There was a time not too long ago when the Scottish government seemed quite interested in building stronger and more productive relationships with its several diasporas including the potential powerhouse of the Scottish Ancestral Diaspora. Alex Salmond’s government commissioned a series of studies in 2008 – 2009 to assess the possibilities and make recommendations for how best to proceed. In September 2010, after receiving advice and consultation, Scotland published Europe’s first ever national Diaspora Engagement Plan and various collateral supporting documents.
I remember first reading Scotland’s Diaspora Engagement Plan document while researching background for COSCA’s 2012 Strategic Plan. The title was encouraging and made it seem like a very important document with which the Scottish American diaspora should be fairly familiar if in no other way than through a familiarity with the palpable evidence of its implementation in the USA. It wasn’t.
Indeed, evidence of Scotland’s Diaspora Engagement Plan has become even more scarce now three years later as only a handful of the Engagement Policy’s original initiatives remain functional – we tried the websites – no go on Global Friends of Scotland; Scotland Funds; Fresh Talent Initiative. Emails bounce. Today Scotland seems to have put most of its diaspora eggs into two baskets each with a similar approach to a different segment of the diaspora.
GlobalScots. The Global Scot Program is a business network of roughly 650 global corporate and academic illuminati with Scottish connections who seem to speak to few others aside from their own and seem to have built the program using the Freemasons as their transparency template. The Global Scot program has been touted as an innovative success and has likely delivered a great business product to Scotland as it was designed. Still, it only really engages a hair more than 650 of the millions who, by modern academic definition, constitute the Scottish Diaspora.
Ancestral Tourism. The second remaining functioning program is Scottish Tourism including ancestral tourism. Here Scotland is aiming to engage with the broader Scottish Diaspora including the unique ancestral branch and, over the course of the last few years, the program been embraced by Ancestral Diaspora leaders who have largely cooperated with tightly managed Scotland initiatives as well as provided quite a bit of really valuable information and advice for free. The problem here is that ever since then-President of COSCA Robert McWilliam’s speech to the Scottish Parliament and Chiefs in Edinburgh 2009, Scotland has been on clear notice that the Ancestral Diaspora views the heavy hand and relentlessly singular focus of the Ancestral Tourism program as far too much of a one way street. While the Scottish Ancestral Diaspora is in some ways working exceptionally hard to meet the challenges of the 21st century, Scotland simply asks us to spend thousands to support the Scottish tourism industry. That is a one way street.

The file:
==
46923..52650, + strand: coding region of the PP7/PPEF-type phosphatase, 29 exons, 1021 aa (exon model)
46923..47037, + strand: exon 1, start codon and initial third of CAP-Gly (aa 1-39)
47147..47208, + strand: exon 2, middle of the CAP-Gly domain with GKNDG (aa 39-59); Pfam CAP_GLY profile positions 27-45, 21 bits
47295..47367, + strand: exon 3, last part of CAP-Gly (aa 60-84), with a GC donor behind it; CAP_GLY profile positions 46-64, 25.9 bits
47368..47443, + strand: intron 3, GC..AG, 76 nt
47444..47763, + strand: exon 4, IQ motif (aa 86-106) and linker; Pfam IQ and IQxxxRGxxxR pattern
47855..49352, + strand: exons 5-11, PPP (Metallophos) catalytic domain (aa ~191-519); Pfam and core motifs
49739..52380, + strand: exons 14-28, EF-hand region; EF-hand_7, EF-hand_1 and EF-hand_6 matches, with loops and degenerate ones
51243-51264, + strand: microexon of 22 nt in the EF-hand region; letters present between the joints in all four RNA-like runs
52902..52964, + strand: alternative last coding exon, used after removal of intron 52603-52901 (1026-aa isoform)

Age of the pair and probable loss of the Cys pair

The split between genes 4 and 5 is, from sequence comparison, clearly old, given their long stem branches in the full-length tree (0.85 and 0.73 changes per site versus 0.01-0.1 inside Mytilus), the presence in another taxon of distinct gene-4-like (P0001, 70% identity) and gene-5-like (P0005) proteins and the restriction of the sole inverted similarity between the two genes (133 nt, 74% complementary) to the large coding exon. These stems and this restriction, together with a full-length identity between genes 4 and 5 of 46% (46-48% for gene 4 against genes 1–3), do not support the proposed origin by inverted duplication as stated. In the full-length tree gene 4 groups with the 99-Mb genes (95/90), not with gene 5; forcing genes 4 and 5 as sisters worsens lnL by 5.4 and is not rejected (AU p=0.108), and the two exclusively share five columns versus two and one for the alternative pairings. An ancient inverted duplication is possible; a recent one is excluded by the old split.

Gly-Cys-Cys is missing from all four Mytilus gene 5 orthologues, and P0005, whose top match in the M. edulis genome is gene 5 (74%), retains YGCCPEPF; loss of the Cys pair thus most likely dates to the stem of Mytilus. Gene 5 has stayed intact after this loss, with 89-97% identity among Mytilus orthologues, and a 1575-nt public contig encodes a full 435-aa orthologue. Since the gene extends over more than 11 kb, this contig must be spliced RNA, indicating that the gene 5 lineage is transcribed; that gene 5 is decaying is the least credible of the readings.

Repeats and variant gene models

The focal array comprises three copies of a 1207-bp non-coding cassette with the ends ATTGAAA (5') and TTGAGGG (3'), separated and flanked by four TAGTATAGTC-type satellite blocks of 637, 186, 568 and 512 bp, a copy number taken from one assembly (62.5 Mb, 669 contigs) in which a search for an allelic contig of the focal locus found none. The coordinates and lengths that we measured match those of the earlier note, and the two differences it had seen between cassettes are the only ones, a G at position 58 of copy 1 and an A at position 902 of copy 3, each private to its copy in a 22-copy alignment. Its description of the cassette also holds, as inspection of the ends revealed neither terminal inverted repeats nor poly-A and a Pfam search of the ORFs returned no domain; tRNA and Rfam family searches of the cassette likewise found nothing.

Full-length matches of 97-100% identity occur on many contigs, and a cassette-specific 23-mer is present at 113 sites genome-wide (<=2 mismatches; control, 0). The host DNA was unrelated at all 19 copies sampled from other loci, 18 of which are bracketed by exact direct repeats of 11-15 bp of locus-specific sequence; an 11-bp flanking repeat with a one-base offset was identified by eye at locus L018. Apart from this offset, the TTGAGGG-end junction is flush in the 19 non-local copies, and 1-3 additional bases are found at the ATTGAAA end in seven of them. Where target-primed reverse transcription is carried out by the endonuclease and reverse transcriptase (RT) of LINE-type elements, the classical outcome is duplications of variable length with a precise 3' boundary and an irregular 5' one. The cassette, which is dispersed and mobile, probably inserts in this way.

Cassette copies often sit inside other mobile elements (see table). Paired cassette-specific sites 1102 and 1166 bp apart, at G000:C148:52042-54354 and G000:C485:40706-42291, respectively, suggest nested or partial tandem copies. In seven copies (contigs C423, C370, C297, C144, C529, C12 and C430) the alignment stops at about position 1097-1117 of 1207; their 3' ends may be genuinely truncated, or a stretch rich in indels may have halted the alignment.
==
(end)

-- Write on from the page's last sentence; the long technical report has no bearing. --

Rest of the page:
Unfortunately today Scotland’s two diaspora programs have been designed or have been allowed to share a common goal which is transfer of Scottish American diaspora resource to Scotland with a minimum of actual ‘engagement’ and support. While that approach may work sufferably well with a global business network it is not, in the long run, effective with Scotland’s Ancestral Diaspora. As one might imagine, this outcome also runs in a different direction than the recommendations and advice that the Scottish government received from its own advisors in 2007- 2009. It also flows against the tide of other succeeding national diaspora strategies.
If we are looking forward, and we are, the place to begin is a review of Scotland’s current Diaspora Engagement Plan, September, 2010. COSCA and its partners are currently taking a more detailed view of the Plan but a few of the highlights supporting our conclusion that a new approach is required can fit here: